The committee in charge of redesigning the Burlington High School was formally sworn in Tuesday night, and also formally approved a mission statement to guide their work.
The statement reads as follows:
“The mission of the Burlington High School Building Committee is to ensure a feasibility process that will produce educationally sound, environmentally sustainable and fiscally responsible options for the Burlington High School site. Additionally, the School Building Committee is charged with proactively engaging the community throughout the study for the purpose of informing and soliciting input. The School Building Committee has final authority on all project decisions to be recommended and confirmed by the School Committee and then presented to the Town of Burlington.”
The statement has been approved by legal counsel.
In another agenda item, the committee discussed its next steps for procuring a designer, the firm that will help shape the school building, whether the committee opts to rebuild the whole school or simply do some renovations.
According to a timeline presented at Tuesday’s meeting, the building committee will place an ad in a central register for December 6; interested firms will walk through the site on December 13 and submit their applications by early January, 2024. The committee will then create a shortlist of qualified firms by January 17 and conduct interviews on January 14, with the contract awarded by January 31.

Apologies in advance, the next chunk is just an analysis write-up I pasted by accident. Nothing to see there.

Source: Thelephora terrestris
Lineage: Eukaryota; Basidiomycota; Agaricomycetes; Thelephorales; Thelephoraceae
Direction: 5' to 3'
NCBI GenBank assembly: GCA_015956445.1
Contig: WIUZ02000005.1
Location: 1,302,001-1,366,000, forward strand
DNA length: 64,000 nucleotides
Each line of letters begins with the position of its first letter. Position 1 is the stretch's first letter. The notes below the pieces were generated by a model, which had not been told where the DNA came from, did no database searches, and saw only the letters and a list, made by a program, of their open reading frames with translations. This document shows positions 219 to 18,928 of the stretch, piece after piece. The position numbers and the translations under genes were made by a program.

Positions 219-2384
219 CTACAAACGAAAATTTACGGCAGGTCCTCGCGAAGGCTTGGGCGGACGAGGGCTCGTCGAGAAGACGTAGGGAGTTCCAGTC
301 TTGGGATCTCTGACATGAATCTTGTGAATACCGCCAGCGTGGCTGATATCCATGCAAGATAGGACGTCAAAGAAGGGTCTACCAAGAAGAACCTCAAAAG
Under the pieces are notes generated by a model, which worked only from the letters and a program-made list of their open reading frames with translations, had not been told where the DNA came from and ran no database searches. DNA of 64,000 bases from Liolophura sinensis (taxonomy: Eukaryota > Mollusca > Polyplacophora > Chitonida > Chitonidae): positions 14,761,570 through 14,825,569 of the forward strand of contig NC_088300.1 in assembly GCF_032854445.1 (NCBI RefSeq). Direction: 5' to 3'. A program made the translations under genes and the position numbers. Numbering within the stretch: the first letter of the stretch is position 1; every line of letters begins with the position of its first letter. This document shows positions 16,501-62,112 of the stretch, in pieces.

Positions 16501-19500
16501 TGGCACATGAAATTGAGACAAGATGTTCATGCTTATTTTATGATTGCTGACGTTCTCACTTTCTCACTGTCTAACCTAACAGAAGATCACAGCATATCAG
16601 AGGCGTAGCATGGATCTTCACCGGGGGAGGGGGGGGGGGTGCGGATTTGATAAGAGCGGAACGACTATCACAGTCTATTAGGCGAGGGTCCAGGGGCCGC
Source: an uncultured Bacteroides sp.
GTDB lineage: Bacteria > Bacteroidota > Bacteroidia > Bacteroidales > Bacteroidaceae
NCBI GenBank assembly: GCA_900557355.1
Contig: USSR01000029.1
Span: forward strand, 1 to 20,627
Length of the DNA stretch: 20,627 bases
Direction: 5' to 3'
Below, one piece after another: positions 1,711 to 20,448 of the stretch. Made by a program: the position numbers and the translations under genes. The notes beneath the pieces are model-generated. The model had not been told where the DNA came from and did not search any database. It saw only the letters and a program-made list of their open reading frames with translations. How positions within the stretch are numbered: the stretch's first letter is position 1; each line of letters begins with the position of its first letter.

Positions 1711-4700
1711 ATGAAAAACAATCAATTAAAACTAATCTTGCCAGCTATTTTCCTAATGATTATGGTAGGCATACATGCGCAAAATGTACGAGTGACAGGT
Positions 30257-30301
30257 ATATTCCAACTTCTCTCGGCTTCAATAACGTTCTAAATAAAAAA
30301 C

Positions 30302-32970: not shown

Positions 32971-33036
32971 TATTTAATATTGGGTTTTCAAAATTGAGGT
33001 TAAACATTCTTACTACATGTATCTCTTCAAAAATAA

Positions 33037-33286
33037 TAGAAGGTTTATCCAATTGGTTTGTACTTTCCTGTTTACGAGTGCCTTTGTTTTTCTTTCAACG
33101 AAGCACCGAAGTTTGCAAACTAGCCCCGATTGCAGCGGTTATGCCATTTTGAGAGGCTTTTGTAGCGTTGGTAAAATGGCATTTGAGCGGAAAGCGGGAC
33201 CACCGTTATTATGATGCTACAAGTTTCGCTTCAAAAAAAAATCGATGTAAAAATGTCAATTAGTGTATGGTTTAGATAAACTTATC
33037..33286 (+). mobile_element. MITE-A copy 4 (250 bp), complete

“We’re hopeful that potential designers are already aware of this job and are going to be watching this video tonight,” said Mike Burton, a partner with Owners Project Manager Dore + Whittier. “This is our free chance to advertise.”
The committee and project managers, and eventually the chosen design firm, will soon begin the work of analyzing the current school’s educational programming – that is, how students move through their days, what programs are available, and what those programs’ space needs are. The committee will also reckon with the challenges of the space: For instance, there’s not much “swing space” available, or space for modular classrooms or other available spaces for learning to occur during construction.
Additionally, unlike the Fox Hill Elementary School, which is also under construction, the high school is home to non-school programming, including the BCAT studio, special education programming, district offices, and the Early Childhood Center, all of which take up about 33,000 square feet of space.
Preliminary conversations have also included discussions of sustainability in the new building, though School Committee member Christine Monaco warned that because so much remained to be decided, it might be difficult to set firm goals for sustainability. “Unlike Fox Hill, where we clearly needed a new building, I think at the High School we really have no clue,” Monaco said. “We don’t know if we need a new wing, a new building, a new… we don’t know what we need. At this point in time, sustainability issues are really goals, because this place is a mass of concrete, and if it turns into a rehab plus maybe a new wing here and a new wing there, I’m not sure we can really set it in stone at this point in time.”